ORLANDO, Fla. — Billionaire SpaceX founder Elon Musk is known for pioneering disruptive technologies like reusable rocket ships and electronic cars, but during an appearance Friday at a conference on the U.S. Air Force, he was disruptive for other reasons.
During a fireside chat at the Air Force Association’s Air Warfare Symposium, Lt. Gen. John Thompson, who leads the Space and Missile Systems Center, asked Musk whether he had any innovative ideas about how aerial combat could be revolutionized.
The answer was less whimsical than what was probably anticipated.
“Locally autonomous drone warfare is where it’s at, where the future will be,” Musk said. “It’s not that I want the future to be this, that’s just what the future will be. … The fighter jet era has passed. Yeah, the fighter jet era has passed. It’s drones.”
Hushed murmurs and laughter rippled across the audience.
“OK. Let’s go back about failure,” Thompson said, changing the subject back to the early days of SpaceX.
Musk’s answer was hardly an original one. The Air Force and other military services have been embroiled in a decades-long debate about the balance of manned and unmanned technology, and how future leaps in artificial intelligence could both enable and complicate the rules of engagement on a battlefield.
But the discussion — and Musk’s willingness to go off script — highlighted a still-apparent culture clash between the more conservative, risk-averse Air Force and the dynamic, freewheeling commercial space industry, even as the Defense Department stands up the Space Force and casts an eager eye on a space-technology boom.
Much of what Musk talked about with Thompson lined up with typical Air Force talking points: The SpaceX founder encouraged young airmen to study physics and computer technology, saying both disciplines have “very good predictive power.” He predicted that AI would likely be the most transformative technology to emerge over the next five years. And he urged the service to take big risks to get “radical outcomes.”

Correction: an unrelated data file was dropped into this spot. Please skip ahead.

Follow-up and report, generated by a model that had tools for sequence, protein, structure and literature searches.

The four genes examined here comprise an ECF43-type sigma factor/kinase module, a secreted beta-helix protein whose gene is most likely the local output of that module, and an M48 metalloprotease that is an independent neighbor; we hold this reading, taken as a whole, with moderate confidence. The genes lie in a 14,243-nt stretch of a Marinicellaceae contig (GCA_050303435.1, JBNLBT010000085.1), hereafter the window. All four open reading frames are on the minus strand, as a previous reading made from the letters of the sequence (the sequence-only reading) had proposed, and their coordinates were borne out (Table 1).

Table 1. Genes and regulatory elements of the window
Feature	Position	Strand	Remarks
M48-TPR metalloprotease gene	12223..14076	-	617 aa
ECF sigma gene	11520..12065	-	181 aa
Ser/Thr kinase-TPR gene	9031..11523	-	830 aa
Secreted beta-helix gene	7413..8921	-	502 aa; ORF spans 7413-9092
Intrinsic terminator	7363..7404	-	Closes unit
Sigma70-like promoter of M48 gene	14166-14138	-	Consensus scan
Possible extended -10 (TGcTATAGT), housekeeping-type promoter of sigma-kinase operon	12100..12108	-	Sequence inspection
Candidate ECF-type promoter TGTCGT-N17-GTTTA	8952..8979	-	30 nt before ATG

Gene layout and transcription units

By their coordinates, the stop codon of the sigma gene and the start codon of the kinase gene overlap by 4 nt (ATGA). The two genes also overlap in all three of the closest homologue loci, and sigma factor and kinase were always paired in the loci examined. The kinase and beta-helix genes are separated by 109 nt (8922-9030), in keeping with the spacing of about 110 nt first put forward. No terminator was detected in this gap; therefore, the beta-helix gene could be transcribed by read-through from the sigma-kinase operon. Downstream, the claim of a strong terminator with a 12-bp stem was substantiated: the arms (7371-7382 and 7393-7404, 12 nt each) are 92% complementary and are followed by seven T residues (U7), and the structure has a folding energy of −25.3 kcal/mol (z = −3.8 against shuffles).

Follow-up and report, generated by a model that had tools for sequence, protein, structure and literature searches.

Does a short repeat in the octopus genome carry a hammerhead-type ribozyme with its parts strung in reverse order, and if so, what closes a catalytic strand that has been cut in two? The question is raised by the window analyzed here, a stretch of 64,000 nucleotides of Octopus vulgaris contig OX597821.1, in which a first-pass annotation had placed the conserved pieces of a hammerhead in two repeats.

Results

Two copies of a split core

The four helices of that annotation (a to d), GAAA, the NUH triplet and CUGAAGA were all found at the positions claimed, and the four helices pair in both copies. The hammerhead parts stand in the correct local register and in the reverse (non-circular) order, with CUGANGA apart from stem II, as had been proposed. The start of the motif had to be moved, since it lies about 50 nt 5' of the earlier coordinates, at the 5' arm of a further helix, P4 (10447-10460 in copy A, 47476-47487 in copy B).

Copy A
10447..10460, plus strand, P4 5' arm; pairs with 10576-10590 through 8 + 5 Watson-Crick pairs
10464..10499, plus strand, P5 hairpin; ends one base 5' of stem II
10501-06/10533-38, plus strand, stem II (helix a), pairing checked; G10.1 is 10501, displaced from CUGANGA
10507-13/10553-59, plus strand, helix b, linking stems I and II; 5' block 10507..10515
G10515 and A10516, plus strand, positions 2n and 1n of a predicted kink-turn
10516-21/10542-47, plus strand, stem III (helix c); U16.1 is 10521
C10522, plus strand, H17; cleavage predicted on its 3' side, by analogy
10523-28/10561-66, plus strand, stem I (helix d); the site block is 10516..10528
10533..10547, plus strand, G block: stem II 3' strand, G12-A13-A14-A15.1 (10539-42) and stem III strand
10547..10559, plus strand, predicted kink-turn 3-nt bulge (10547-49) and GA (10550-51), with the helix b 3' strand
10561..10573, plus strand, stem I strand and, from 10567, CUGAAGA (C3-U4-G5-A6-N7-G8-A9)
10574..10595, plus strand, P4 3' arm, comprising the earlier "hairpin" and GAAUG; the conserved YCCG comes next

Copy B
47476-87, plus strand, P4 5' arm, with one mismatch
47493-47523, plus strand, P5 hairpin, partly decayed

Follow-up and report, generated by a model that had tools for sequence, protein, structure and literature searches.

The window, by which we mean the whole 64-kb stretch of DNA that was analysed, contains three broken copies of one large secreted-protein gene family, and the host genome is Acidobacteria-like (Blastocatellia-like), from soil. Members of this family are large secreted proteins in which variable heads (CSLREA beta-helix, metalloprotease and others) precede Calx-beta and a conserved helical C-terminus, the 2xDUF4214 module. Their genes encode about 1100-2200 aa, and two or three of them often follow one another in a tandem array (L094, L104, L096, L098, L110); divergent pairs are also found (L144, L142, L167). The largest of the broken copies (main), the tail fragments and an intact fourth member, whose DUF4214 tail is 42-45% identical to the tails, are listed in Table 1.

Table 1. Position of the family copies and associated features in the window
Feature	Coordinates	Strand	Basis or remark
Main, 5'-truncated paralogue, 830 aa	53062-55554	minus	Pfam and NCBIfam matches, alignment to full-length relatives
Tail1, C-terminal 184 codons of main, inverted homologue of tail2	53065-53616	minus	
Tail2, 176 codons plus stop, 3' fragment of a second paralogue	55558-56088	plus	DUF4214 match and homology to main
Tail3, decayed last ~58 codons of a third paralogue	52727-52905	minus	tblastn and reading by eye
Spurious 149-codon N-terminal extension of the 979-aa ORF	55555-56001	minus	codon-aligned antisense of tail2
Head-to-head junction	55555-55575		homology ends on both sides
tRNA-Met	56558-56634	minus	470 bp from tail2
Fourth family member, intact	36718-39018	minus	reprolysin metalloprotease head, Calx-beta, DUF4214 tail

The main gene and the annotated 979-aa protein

But sometimes, things got weird. At one point, smooth jazz started playing, leaving Musk and Thompson struggling to talk over the bleating of a saxophone. At another, Musk compared low-cost access to space to the construction of a railroad that could safely bring travelers to the West Coast without the risk of calamities that could force those making the journey to eat their compatriots.
Also at the event, Musk praised competition during a discussion on reusable rockets, which SpaceX is developing.
“Not to cause controversy, but in my opinion, the Joint Strike Fighter — there should be a competitor to JSF. I know that’s [a] controversial subject,” he said, referring to Lockheed Martin’s F-35. Lockheed beat out Boeing in 2001 for the JSF contract, but the downselect and the cancellation of the F-22 program left the Defense Department with no other fifth-generation alternative to the F-35.
Unsurprisingly, Thompson did not follow up on that point.
Two times during the hourlong chat, Musk urged the Air Force to make the Space Force emulate Starfleet, the iconic space organization made famous in “Star Trek.”
“We’ve got to make Starfleet happen,” he said as the audience applauded. “We want real big space ships that can go far places. And this will probably get me into the most trouble of all: I think there should be a new uniform.”
“When the public thinks about Space Force, that’s what they think,” he added. “We want the sci-fi futures, the good sci-fi futures, to be real. And, ideally, to become real while we’re still alive.”
Valerie Insinna was Defense News' air warfare reporter. Beforehand, she worked the Navy and congressional beats for Defense Daily, which followed almost three years as a staff writer for National Defense Magazine. Prior to that, she worked as an editorial assistant for the Tokyo Shimbun’s Washington bureau.